JAN. 6, 2018

Ten Most Common Errors in Filing Immigration Petitions

by Atty. Emmanuel S. TIPON

The USCIS should print at the beginning of each immigration form a checklist that must be complied with by petitioners to avoid the petition being rejected, returned, or the petitioner being asked to submit additional evidence. Here are the most common errors in filing immigration petitions.

  1. Failure to sign the form. The Petitioner or preparer should place a tab or sticker “Sign Here” next to the line for signature.
  2. Failure to remit to USCIS the filing fee or to remit the correct filing fee. Some petitions (such as Form I-90, Form I-131, and Form N-400) require a biometrics service fee, which must be added to the basic filing fee.
  3. Failure to respond to every question or fill up every item. If the question is not applicable to petitioner or beneficiary, the petitioner should write “Not Applicable” or “N/A”. If the question calls for a specific answer like a number (How many times has the beneficiary been married?), the correct response is a number, like 1, 2, etc. Do not write “N/A”). If the space is insufficient for an answer, attach a sheet of paper and write on the top the Form No. ___ ; Name of Petitioner; Page Number. Part Number, and Item number to which the answer refers. 
  4. Failure to submit required evidence and supporting documents to establish eligibility for the petition. The Instructions for each form specifies such evidence and supporting documents that are required. However, the list may not be complete.
  5. Failure to submit all required USCIS forms to accompany the principal form. For instance, in a Petition for Alien Relative, the petitioner must file Form I-131. In addition, petitioner must file Form I-130A, Supplemental Information for Spouse Beneficiary; and two G-325 Biographic Information forms, one for petitioner and one for the beneficiary.
  6. Failure to determine whether the petitioner or the beneficiary is eligible for the benefit sought. For example, a lawful permanent resident or green card holder is not eligible to file a petition for an alien parent.
  7. Failure to read or follow all the instructions for the particular form.
  8. Failure to understand the question. For instance, there was a Filipino who answered “Yes” to the question in an Application for Naturalization:  “Have you EVER claimed to be a U.S. citizen (in writing or any other way)? His Application was denied. He claimed that he thought the question was asking him whether he wants to claim to be a U.S. citizen.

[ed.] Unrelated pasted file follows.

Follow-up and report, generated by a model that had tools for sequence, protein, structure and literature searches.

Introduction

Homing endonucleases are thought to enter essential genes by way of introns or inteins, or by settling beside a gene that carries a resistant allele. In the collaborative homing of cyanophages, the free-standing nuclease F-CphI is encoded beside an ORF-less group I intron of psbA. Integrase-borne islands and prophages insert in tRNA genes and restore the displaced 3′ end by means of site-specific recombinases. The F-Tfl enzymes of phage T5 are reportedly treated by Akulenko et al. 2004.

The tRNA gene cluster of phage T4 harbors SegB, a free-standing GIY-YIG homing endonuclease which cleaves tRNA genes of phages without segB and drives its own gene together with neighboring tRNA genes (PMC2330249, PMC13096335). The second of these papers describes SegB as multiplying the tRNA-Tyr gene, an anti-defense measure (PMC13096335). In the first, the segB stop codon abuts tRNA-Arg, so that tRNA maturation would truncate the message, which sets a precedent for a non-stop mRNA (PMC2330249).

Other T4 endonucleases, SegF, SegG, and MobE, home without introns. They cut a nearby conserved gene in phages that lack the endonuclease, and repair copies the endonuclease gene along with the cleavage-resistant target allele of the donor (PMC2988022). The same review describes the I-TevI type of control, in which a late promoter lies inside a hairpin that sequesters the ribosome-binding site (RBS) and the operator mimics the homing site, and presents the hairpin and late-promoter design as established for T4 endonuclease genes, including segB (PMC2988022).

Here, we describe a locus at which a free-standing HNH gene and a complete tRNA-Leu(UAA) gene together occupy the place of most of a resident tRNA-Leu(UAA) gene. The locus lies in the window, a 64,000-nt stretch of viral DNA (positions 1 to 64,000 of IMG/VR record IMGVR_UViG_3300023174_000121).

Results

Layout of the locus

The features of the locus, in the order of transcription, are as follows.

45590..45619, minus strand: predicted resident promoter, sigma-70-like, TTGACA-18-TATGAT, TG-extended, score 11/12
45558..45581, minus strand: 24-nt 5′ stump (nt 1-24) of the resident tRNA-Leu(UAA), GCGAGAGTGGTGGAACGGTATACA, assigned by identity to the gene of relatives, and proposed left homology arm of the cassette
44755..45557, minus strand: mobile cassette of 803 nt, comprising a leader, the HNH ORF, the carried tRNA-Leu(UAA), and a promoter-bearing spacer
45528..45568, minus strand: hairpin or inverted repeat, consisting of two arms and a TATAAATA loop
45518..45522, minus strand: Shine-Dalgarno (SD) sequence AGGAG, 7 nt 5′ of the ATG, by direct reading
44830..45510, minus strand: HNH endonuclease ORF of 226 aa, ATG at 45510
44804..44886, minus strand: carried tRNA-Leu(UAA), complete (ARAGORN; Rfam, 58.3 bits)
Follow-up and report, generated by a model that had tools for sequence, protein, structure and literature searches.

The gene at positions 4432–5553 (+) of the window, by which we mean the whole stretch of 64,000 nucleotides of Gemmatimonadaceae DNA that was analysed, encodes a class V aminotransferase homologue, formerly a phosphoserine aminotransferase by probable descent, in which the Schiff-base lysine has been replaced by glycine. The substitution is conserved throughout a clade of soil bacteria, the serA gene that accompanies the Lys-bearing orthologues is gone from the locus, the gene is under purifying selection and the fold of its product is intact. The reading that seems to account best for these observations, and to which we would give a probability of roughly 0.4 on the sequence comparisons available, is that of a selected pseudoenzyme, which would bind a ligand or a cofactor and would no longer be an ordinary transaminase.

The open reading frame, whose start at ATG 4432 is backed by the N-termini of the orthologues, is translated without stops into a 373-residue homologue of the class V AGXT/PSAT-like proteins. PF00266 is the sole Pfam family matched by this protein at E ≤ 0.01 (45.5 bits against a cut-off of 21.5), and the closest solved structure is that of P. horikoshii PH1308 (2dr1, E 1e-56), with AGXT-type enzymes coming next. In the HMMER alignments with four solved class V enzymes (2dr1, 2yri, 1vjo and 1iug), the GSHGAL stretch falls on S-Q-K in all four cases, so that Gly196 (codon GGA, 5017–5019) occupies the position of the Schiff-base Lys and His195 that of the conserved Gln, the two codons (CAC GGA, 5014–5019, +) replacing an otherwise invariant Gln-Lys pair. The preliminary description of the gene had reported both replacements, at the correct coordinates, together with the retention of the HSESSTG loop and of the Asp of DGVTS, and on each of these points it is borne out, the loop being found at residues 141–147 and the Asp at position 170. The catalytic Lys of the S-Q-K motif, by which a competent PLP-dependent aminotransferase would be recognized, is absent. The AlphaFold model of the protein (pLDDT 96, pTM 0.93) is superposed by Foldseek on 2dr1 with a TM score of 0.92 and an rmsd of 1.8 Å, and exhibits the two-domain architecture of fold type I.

9. Making false statements or misrepresentations in the application form. For instance, a woman misstated her age in an Application for Adjustment of Status by claiming she was born in 1970 but USCIS found her birth certificate showing she was actually born in 1964. She was placed in removal proceedings. Her first lawyer asked for a fraud waiver, which in effect admitted that she committed fraud. The IJ denied the waiver request and ordered her deported. On appeal, her new counsel argued that the misstatement was immaterial because whether she was born in 1970 or 1964, she was more than 18 years old when she married her husband in 1998 and therefore was eligible to marry him. The new lawyer also charged the first lawyer as ineffective for admitting fraud. The case is pending appeal.
  10. Failure to carefully read the Form and the response to every question or item, but simply relying on the preparer to answer every question correctly. For instance there was a petitioner who relied on a nonlawyer preparer to fill up her petition for her son. The preparer put an X before the box “Single, Never married.” The petition was approved. When the beneficiary was interviewed at the U.S. Consulate, he said that he was married and presented his marriage certificate so that his wife could travel with him. The consul asked him why his petition stated that he was “Single, Never married.” He asked his petitioner mother who wrote to the U.S. Consulate that she had told the preparer that his son was married and that she did not know why the preparer put X before the box “Single, Never married.” She said she did not read the petition before signing it. The consul denied the visa application for fraud or misrepresentation, saying the petitioner was bound by what was written on the petition, whether the petitioner read it or not.


ATTY. TIPON has a Master of Laws degree from Yale Law School where he specialized in Constitutional Law. He has also a Bachelor of Laws degree from the University of the Philippines. He placed third in the Philippine Bar Examination in 1956. His current practice focuses on immigration law and criminal defense. He writes law books for the world’s largest law book publishing company and writes legal articles for newspapers. He has a radio show in Honolulu, Hawaii with his son Noel, senior partner of the Bilecki & Tipon law firm, where they discuss legal and political issues. Office: American Savings Bank Tower, 1001 Bishop Street, Suite 2305, Honolulu, Hawaii, U.S.A. 96813. Tel. (808) 225-2645. E-Mail: filamlaw@yahoo.com. Website: www.bileckilawgroup.com. He was born in Laoag City, Philippines. He served as a U.S. Immigration Officer. He is co-author with former Judge Artemio S. Tipon of the best-seller “Winning by Knowing Your Election Laws” and co-author of “Immigration Law Service, 1st ed.,” an 8-volume practice guide for immigration officers and lawyers. Atty. Tipon has personally experienced the entire immigration cycle by entering the United States on a non-immigrant working visa to write law books, adjusting his status to that of a lawful permanent resident, and becoming a naturalized United States citizen

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